I started reading Persecution by David Limbaugh this week. I realize that the book may be nearly two years old, but as I said earlier, my access to good western books is sometimes limited by my location in Mongolia.
Limbaugh begins the book with dramatic accounts of students across America who have been persecuted for their Christian faith. That persecution took the form of teachers and principals preventing students from praying over lunches, at graduations, forcing them to stop talking about Jesus with friends during recess, and much more. There are many accounts of judges and other officials threatening to arrest and imprison students if they even utter the name of Jesus.
There may not be many Christians in Mongolia, but I may have more religious freedom here than in America.
Reading the accounts in Persecution (which is a tremendous read), brought to mind the time my wife, Diane, and I thought we might be involved with a legal battle to protect our daughter’s right to express her faith. However, our situation turned out very differently.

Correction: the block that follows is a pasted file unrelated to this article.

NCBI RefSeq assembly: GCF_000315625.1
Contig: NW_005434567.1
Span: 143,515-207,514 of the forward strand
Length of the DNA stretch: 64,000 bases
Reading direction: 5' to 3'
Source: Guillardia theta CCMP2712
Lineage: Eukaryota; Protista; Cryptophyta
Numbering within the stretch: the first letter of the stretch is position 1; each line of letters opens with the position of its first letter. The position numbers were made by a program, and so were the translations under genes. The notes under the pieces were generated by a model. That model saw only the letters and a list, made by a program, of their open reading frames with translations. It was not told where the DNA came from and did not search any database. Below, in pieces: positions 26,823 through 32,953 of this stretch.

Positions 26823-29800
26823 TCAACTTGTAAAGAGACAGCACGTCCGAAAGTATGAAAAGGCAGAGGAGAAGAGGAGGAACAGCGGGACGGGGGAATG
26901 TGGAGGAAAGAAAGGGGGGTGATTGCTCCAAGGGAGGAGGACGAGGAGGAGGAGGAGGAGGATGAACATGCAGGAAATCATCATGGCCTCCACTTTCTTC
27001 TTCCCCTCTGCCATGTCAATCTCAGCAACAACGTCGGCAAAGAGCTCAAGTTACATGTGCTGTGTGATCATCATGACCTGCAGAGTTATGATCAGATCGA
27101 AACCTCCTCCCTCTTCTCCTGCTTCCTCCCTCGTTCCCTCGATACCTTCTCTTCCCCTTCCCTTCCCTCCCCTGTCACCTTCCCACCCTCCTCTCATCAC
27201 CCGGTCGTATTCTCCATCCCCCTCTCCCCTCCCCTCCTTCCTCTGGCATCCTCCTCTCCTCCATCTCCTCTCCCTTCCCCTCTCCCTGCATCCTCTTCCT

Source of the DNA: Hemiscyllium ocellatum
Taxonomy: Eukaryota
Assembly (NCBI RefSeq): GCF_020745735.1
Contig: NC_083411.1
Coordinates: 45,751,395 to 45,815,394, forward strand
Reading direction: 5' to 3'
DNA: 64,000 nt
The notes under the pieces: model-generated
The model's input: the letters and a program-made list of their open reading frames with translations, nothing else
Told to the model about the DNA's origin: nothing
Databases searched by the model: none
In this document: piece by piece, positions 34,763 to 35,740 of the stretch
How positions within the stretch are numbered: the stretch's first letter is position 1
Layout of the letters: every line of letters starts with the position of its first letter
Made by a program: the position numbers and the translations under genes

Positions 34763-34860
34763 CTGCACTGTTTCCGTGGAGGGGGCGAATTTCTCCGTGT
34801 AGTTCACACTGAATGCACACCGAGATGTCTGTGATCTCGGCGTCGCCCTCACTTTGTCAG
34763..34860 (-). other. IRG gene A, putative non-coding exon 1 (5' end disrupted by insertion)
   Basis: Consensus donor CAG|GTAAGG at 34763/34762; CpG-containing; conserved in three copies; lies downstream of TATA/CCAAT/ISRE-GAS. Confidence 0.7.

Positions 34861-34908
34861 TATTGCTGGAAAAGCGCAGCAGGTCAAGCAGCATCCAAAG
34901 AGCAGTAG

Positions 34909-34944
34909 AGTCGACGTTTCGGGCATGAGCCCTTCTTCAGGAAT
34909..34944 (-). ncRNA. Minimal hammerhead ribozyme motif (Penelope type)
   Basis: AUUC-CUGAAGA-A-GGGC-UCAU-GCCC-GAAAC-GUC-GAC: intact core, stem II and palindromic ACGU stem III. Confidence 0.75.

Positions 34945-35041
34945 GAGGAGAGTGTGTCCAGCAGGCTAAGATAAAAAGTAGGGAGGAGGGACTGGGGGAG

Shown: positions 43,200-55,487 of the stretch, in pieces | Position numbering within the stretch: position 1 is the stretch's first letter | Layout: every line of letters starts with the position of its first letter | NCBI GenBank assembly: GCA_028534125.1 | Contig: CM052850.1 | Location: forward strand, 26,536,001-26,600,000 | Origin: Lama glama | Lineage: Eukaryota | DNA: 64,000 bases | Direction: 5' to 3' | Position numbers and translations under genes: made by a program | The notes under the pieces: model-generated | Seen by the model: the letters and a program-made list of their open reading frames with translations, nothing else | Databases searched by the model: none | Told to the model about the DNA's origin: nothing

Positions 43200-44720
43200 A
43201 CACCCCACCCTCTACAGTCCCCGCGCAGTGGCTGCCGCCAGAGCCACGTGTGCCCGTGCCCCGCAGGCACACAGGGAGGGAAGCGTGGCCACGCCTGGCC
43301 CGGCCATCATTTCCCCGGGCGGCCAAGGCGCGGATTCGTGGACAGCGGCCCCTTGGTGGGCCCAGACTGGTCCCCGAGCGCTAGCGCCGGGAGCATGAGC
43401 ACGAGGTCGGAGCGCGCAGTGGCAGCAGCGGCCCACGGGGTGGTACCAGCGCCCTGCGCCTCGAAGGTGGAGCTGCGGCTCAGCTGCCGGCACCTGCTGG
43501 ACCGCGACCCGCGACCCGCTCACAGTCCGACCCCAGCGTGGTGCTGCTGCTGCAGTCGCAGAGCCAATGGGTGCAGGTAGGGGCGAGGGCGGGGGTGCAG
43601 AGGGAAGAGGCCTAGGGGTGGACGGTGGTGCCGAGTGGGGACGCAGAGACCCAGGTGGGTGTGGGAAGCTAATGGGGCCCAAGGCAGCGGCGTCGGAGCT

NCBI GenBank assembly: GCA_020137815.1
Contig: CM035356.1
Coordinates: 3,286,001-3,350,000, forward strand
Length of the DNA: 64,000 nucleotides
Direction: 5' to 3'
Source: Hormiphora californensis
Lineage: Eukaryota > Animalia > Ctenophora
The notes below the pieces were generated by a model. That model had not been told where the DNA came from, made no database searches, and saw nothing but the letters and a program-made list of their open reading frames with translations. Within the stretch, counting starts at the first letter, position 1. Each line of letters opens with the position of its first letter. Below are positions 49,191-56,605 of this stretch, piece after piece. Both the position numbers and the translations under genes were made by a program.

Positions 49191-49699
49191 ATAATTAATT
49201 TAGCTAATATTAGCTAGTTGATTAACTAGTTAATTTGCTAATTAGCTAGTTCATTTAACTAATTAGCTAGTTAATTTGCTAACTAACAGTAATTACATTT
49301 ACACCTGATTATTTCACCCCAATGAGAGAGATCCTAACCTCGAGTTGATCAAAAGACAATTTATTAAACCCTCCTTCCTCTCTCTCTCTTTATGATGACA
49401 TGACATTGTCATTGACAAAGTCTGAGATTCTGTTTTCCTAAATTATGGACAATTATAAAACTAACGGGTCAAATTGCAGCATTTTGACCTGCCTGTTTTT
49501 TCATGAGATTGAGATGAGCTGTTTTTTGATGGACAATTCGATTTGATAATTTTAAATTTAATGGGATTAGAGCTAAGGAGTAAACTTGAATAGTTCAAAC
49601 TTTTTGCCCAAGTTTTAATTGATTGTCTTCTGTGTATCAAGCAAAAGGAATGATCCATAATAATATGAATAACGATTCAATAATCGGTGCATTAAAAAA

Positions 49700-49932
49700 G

It was early 1998, Rochele was in first grade at McCoy Elementary School in Orlando, located about 2 miles north of the International Airport. Diane and I were taking part in a parent-teacher conference to go over Rochele’s school work and get a firsthand report from the teacher about what kind of student she was. I was a bit nervous, still feeling raw as a parent, wondering how I would react to a teacher who might want to suppress my kid’s religious freedoms.
The teacher gave us a glowing report of Rochele’s work and behavior, specifically noting how she was not only well behaved, but was often held up to the other students as an example of a hard worker with good behavior. That gave us great pride, though I secretly feared she might become a teacher’s pet geek – which gives you an idea of what I suffered when I was a kid, but that’s a story for another therapy session. I digress.